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Created: June 16, 2003.
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Updated W3C Working Draft for Call Control Extensible Markup Language (CCXML).

The W3C Voice Browser Working Group has released an updated working draft specification for Voice Browser Call Control: CCXML Version 1.0. The CCXML specification defines declarative markup designed "to provide telephony call control support for VoiceXML or other dialog systems. CCXML is an adjunct language intended to complement and integrate with a VoiceXML system. The document contains references to VoiceXML's capabilities and limitations, and provides details on how VoiceXML and CCXML can be integrated. However, the two languages are separate and neither is required for an implementation of the other. CCXML can be integrated with a traditional IVR system, and VoiceXML can interface with other call control systems." The changes in this third working draft are substantial, as identified in the separate changed marked 'diff' version and summarized in Appendix G. The 2003-06-12 release "includes major revisions to the call control and media models to better specify the behavior and includes full details on all call control objects and events; a number of attribute names were updated to make the specification more consistent."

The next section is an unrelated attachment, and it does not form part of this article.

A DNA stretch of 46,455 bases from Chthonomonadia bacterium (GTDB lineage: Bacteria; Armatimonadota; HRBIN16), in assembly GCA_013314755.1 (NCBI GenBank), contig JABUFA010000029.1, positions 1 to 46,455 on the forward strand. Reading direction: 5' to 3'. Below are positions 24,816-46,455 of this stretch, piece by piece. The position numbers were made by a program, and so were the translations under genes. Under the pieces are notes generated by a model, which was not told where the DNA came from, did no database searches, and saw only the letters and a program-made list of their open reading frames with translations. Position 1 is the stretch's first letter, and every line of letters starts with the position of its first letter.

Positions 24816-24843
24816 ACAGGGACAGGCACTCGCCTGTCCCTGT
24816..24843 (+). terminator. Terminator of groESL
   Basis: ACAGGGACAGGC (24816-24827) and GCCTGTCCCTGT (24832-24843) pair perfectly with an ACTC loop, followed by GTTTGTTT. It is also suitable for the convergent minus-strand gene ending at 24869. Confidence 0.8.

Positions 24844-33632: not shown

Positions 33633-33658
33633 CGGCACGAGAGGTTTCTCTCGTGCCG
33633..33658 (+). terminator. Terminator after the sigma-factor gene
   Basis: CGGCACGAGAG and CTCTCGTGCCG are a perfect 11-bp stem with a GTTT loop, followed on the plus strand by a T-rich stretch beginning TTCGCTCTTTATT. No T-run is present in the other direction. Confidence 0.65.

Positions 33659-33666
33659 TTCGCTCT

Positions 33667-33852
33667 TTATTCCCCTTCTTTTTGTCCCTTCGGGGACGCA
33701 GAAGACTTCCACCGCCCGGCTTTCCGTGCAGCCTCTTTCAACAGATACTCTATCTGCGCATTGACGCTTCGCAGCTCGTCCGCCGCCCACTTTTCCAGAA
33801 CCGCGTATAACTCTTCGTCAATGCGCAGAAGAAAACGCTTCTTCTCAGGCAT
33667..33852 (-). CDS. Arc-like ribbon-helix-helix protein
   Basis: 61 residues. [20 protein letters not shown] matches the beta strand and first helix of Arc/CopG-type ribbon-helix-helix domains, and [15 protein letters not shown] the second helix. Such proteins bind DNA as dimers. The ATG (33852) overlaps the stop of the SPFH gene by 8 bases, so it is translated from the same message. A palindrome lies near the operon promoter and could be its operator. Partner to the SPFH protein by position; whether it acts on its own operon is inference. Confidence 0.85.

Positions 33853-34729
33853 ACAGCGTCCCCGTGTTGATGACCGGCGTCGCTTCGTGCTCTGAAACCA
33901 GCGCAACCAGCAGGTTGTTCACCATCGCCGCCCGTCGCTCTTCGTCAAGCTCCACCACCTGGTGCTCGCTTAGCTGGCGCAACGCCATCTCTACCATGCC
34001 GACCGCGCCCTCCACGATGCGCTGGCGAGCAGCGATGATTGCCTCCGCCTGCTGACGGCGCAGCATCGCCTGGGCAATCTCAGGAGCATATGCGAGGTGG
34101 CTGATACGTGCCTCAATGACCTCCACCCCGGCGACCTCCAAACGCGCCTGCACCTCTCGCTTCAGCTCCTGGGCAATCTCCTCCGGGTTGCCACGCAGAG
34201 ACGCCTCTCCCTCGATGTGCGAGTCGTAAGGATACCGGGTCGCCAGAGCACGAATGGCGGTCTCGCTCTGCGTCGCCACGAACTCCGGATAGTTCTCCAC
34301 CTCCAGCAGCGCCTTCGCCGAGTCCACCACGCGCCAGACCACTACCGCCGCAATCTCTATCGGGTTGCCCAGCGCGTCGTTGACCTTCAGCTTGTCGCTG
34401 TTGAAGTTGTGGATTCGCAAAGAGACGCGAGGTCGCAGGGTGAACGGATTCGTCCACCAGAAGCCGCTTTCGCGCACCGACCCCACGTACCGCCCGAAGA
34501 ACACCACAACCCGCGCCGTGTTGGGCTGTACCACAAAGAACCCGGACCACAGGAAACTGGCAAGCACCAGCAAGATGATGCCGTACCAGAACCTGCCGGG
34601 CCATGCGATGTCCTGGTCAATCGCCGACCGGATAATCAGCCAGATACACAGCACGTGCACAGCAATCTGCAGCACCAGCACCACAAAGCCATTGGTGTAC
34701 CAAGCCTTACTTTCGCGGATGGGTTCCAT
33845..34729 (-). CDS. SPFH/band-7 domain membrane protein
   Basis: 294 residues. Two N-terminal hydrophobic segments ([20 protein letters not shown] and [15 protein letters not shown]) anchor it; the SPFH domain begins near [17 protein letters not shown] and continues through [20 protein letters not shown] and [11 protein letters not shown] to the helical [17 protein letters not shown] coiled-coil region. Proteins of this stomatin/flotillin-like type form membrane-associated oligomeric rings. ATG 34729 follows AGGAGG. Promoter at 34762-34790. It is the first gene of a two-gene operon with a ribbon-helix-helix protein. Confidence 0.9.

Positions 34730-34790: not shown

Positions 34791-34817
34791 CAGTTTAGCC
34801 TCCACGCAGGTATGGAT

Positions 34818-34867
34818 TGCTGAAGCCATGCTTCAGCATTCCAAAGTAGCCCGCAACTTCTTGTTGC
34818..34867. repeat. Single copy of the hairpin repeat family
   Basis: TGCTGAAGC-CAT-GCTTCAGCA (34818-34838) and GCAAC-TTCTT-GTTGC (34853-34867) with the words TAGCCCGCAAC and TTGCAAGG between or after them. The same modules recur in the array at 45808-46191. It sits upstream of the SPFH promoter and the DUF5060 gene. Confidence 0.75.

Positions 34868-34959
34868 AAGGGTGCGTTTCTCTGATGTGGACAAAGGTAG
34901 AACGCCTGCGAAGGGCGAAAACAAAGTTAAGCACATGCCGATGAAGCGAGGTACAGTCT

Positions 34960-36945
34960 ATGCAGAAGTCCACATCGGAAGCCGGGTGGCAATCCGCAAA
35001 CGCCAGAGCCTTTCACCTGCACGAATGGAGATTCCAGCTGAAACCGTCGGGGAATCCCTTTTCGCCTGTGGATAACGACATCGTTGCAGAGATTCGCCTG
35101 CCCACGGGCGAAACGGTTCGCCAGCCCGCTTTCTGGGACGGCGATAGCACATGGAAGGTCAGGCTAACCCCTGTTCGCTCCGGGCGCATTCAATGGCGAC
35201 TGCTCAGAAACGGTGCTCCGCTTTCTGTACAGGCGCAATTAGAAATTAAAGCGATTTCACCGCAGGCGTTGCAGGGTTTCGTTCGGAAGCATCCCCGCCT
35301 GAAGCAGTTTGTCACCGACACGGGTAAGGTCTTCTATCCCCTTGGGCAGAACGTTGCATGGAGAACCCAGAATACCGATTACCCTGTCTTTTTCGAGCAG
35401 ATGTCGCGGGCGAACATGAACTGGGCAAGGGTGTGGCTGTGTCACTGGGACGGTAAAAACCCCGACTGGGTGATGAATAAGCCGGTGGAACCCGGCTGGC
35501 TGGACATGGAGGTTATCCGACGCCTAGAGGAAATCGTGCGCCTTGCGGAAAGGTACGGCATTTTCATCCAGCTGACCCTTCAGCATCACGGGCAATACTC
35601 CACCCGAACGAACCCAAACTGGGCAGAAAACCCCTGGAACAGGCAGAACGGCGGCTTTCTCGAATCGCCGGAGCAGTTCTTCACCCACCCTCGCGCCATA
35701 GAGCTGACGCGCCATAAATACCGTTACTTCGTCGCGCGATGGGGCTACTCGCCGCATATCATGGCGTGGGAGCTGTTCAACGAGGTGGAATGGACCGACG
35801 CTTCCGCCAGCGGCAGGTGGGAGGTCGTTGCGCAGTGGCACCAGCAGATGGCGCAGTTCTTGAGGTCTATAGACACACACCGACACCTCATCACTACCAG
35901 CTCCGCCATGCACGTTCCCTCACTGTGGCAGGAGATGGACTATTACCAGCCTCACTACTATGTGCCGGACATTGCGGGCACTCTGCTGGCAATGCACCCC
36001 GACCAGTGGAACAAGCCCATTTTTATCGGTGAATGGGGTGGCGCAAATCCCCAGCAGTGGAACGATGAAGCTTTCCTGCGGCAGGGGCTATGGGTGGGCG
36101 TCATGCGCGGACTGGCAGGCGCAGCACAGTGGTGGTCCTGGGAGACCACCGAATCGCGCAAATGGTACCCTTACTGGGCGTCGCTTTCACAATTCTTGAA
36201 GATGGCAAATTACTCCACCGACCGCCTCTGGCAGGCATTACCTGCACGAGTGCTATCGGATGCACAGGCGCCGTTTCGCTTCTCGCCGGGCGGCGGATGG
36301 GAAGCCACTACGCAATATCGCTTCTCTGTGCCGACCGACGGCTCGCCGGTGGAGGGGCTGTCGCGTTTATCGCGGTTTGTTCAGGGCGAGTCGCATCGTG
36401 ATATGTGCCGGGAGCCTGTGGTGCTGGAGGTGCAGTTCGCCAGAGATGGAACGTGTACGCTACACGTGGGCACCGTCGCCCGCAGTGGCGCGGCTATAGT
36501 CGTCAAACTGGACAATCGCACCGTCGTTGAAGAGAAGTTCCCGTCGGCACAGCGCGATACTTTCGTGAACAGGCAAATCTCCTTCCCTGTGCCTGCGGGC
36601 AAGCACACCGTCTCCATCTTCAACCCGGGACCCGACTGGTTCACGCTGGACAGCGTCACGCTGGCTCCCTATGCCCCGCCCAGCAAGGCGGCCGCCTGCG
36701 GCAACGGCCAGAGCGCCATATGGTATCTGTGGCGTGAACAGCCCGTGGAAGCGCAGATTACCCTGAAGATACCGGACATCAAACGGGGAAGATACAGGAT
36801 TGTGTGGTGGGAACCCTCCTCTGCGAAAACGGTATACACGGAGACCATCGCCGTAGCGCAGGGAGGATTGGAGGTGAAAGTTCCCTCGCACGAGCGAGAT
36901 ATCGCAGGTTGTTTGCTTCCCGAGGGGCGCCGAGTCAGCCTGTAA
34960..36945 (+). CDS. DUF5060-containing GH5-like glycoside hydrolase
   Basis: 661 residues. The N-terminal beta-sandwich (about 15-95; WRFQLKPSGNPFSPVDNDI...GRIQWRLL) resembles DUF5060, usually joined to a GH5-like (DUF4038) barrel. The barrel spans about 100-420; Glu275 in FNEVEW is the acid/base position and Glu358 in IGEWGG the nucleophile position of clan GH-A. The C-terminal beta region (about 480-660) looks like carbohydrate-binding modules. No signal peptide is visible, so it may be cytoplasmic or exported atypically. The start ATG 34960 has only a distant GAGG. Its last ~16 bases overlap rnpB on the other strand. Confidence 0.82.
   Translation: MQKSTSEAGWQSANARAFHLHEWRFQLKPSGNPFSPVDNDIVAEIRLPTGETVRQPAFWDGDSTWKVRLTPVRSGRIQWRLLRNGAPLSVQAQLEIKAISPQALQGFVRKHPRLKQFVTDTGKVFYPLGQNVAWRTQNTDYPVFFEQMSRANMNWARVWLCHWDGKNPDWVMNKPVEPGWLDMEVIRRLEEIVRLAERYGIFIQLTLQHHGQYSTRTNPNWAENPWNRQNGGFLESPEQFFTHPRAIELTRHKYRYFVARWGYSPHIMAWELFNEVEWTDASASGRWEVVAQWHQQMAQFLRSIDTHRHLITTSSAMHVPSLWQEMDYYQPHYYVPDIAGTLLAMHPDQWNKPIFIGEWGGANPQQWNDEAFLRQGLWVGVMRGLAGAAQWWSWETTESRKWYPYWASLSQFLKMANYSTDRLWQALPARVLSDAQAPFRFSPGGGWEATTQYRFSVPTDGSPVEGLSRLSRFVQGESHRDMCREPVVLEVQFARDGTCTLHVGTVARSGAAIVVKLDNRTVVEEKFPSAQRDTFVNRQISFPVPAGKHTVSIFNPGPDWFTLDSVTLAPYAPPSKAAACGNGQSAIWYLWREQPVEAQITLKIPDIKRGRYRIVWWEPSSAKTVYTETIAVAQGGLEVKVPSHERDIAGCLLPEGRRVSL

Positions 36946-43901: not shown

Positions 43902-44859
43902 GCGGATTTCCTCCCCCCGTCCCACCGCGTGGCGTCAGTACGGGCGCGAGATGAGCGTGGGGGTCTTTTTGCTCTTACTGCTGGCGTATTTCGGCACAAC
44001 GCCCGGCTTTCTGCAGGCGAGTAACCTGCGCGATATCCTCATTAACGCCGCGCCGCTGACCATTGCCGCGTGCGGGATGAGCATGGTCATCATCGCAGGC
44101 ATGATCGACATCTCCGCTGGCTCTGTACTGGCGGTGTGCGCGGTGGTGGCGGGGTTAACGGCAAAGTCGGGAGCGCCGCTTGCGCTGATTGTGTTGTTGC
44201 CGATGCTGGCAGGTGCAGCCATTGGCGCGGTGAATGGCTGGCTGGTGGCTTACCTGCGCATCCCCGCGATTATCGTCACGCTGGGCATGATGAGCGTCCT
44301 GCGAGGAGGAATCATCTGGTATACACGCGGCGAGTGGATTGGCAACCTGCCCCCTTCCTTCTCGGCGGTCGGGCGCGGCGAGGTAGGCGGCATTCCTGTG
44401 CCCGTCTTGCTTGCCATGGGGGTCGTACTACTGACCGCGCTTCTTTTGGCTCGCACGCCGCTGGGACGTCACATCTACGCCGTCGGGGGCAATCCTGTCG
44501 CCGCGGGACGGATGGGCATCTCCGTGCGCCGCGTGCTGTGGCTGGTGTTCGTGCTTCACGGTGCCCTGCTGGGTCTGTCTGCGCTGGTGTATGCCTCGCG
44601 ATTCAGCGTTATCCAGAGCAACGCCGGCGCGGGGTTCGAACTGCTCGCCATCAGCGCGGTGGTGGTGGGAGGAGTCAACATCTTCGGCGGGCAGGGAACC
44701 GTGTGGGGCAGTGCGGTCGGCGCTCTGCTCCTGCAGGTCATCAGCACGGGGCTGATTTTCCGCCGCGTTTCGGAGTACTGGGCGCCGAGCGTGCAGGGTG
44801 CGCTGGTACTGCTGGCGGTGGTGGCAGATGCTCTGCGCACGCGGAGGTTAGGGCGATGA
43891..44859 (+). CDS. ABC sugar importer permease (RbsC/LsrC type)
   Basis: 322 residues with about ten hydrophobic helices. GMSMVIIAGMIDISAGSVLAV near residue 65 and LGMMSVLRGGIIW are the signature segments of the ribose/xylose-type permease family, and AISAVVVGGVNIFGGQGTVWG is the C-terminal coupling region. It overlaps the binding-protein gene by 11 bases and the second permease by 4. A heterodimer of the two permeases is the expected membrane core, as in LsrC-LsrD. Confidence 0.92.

Bibliographic Information

Voice Browser Call Control: CCXML Version 1.0. Edited by RJ Auburn (Voxeo). W3C Working Draft 12-June-2003. Produced by members of the Voice Browser Working Group as part of the W3C Voice Browser Activity. Appendix C: CCXML DTD. Appendix D: CCXML Schema. Appendix E: VoiceXML Integration. Version URL: Latest version URL: Previous version URL: Also available as a non-normative changed marked version.

CCXML Background

"CCXML originated from the desire to handle call control requirements that were beyond the scope of the original VoiceXML specification. It was generally agreed that an advanced dialog manager would provide:

  • Support for multi-party conferencing, with advanced conference and audio control. A conferencing application is a multi-dialog manager and is dependent upon call control.